Should Retouched Ads Come with Labels?
"Warning! This perfection is an illusion." What if advertisers were required to disclose the fact that all those images of flawless models are digital creations--a far cry from anything achievable in reality? New legislation is putting that possibility on the table.
The proposed Media and Public Health Act, a joint effort of the National Eating Disorders Association and Off Our Chests, asks for federal legislation requiring that “truth-in-advertising” labels be required on all ads and editorial content in which the human form has been materially altered through computer manipulation or other means (you can sign the petition to support the Media and Public Health Act here).
Commented Lynn Grefe, president and CEO of NEDA, “We must fight back against the constant portrayal of unrealistic ideals of physical perfection. We plan to add our muscle and advocacy efforts to help build momentum to require disclosure when images are altered. There is no cost to government, the ad agency or the consumer … just the cost to the health of our young people if we don’t force change. We know these falsified images have an impact on eating disorders, illnesses that have the highest death rate of any mental illness, and we can’t ignore it any longer.”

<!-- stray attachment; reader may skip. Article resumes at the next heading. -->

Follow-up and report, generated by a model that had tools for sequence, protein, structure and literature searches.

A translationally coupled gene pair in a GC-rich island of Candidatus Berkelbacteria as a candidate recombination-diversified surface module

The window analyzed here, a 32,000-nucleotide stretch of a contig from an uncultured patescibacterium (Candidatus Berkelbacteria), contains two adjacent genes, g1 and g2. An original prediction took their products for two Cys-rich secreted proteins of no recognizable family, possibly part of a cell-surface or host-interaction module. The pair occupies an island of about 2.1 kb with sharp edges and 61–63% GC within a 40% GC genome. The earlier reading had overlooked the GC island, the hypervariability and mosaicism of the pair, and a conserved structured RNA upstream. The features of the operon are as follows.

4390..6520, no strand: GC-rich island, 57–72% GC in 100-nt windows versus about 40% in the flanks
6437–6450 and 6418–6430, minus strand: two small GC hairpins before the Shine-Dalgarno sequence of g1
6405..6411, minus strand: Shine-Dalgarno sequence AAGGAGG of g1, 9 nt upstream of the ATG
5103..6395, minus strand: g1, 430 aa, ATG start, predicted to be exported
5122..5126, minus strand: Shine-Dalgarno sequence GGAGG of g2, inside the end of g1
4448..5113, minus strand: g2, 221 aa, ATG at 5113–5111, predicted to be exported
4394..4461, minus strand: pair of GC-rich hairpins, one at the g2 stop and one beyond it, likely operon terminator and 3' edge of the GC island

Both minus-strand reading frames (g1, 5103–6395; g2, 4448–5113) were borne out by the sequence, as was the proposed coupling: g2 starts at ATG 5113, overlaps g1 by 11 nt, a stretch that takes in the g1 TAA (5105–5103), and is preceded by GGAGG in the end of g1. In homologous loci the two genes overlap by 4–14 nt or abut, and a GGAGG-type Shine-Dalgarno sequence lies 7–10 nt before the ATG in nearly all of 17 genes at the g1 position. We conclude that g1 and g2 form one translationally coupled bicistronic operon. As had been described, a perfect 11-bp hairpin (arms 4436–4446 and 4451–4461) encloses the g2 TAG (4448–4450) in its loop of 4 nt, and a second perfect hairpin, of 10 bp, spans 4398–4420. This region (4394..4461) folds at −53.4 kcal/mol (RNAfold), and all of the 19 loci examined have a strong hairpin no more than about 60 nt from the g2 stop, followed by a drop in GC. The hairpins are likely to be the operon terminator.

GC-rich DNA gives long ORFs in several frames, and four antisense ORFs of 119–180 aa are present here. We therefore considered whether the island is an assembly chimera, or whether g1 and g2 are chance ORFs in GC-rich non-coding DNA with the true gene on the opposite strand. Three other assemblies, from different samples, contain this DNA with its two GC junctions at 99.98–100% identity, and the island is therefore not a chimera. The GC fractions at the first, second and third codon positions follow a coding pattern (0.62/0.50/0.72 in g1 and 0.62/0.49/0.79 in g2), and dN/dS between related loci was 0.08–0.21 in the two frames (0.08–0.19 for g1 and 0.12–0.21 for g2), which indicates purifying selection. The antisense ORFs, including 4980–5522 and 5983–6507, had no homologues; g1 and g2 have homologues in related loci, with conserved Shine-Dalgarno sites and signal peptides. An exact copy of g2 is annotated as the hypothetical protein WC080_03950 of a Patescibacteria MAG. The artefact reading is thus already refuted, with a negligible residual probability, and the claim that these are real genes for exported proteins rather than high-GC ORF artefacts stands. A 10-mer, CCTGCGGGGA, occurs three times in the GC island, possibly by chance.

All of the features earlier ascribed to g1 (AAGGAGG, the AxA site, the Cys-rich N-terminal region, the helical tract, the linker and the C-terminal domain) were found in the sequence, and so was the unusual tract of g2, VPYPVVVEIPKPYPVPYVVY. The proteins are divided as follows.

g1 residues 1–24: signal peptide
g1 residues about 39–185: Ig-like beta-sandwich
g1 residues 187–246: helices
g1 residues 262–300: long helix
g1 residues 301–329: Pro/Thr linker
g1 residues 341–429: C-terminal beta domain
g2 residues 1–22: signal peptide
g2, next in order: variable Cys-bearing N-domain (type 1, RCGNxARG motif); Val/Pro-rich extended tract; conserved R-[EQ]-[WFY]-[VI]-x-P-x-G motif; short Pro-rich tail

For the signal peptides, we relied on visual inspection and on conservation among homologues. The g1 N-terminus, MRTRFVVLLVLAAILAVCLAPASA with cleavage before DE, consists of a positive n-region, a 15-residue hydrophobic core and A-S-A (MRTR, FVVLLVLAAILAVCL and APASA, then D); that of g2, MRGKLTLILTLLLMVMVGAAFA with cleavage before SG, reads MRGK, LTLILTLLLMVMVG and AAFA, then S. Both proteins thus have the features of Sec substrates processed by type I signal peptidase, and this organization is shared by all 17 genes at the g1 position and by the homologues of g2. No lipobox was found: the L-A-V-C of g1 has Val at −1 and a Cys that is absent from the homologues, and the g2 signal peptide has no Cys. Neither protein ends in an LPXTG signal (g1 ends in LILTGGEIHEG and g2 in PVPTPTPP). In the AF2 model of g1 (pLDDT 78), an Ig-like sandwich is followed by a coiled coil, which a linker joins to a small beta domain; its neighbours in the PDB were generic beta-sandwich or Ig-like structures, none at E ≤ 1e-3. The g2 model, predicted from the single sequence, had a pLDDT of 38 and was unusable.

This battle over truth in advertising is now raging in the U.K too. Their Advertising Standards Authority just banned this L'Oreal ad for Revitalift with Rachel Weisz, saying the ad "misleadingly exaggerates" the product's anti-aging effects.
What do you think? Would truth in advertsing labels help? Should we be going after advertisers who make flase claims with poreless, "perfect" models who have been digitally altered?